GDP is a hugely misleading measure of economic wellbeing. It includes items which are actually destructive of the real economy on which most people’s wellbeing depends. Not only that, but most of it is actually immeasurable.
They used to measure progress by GNP which tried to measure nationally owned economic activity, no matter where it took place. But as successive governments presided over the disposal of UK owned assets to foreign corporates and governments, GNP reported the post-industrial economies as shrinking. Self-interested politicians found GDP a more convenient measure, since it ignored that massive fire sale and provided short term breathing space. So, despite the long term damage done to the real economy, those disposals, nominated as foreign direct investment, were actually celebrated in the UK as demonstrating it as ‘open for business’.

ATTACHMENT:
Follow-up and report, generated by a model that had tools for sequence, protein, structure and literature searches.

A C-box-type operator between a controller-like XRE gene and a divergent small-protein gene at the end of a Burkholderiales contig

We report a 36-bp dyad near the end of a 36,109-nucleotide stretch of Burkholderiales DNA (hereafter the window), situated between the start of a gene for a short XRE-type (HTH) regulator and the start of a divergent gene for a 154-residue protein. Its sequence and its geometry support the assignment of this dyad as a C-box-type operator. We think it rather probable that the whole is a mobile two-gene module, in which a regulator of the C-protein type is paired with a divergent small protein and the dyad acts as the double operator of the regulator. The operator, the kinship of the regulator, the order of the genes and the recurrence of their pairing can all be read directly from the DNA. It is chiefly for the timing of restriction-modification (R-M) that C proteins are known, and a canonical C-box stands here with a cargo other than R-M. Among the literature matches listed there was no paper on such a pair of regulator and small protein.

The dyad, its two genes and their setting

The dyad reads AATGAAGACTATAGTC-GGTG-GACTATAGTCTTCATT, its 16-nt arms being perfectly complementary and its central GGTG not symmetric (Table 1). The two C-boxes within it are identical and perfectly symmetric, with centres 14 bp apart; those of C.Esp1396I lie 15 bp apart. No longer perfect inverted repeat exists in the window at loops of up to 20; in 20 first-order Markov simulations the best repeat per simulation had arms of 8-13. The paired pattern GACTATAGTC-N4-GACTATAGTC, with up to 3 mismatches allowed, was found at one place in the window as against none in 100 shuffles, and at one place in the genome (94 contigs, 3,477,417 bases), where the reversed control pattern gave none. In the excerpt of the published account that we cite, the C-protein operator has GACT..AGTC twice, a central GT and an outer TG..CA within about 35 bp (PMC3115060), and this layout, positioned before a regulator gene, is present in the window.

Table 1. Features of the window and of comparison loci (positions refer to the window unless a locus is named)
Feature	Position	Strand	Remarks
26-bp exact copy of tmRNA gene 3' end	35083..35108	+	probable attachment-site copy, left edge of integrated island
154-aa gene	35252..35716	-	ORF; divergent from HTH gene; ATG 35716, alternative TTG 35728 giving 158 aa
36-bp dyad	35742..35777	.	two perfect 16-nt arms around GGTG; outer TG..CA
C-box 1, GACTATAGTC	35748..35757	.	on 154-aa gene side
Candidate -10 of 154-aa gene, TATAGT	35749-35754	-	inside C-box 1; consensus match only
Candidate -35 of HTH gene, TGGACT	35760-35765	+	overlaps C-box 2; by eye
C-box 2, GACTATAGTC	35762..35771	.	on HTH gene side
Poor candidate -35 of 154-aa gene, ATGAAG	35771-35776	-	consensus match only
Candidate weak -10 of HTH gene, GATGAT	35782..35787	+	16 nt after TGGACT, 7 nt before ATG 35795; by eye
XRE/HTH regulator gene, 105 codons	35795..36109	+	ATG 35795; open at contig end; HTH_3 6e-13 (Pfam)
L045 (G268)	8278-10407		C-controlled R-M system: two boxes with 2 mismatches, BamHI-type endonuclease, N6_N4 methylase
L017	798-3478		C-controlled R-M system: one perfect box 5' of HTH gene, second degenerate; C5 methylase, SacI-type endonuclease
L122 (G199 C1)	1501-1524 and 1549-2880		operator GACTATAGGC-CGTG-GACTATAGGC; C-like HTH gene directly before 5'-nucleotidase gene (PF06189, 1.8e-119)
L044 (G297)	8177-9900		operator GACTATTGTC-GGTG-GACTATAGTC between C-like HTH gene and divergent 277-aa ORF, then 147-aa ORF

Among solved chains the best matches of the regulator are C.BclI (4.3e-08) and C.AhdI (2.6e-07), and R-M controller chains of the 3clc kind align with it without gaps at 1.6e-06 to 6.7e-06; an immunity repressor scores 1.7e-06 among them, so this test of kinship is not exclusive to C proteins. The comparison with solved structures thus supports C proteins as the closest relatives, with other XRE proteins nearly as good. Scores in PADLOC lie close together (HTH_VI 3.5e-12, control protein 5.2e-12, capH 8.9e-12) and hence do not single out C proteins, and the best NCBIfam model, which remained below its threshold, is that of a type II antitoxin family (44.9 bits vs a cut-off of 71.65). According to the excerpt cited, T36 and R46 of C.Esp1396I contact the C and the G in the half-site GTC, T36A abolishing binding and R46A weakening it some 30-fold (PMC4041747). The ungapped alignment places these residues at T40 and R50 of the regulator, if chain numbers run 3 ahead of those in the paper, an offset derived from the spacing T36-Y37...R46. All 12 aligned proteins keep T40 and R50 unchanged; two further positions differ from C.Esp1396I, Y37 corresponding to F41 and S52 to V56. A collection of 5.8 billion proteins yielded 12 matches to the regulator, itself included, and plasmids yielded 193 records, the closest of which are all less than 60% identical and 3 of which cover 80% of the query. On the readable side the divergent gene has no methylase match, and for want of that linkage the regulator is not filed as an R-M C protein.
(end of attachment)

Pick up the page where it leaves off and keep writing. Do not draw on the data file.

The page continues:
That fits nicely with the Milton Friedman version of the free market open access ideology that took command of Anglo-American politics since the days of Thatcher and Reagan. Initially, that perspective included an acknowledgement of the theoretical importance of the quantity of money circulating in the economy. That quantity would determine the rate of inflation as well as the growth of the economy. Politicians tried it and it failed, to such an extent that even Friedman himself confessed disappointment.
Continue reading GDP, Austerity and Wellbeing
Education is what really matters. Who could possibly disagree?
The globalised economy has moved jobs from the G7 industrialised economies (in alphabetic order: Canada, France, Germany, Italy, Japan, UK and US) to the newly industrialised BRICS economies (Brazil, Russia, India, China and South Africa) which account for half the world’s population. The simple and obvious reason for job migration was initially because labour costs were so much lower in the BRICS economies. But their manufacturing experience has provided a foundation for their future economic development; they now offer much more than simply cheap labour.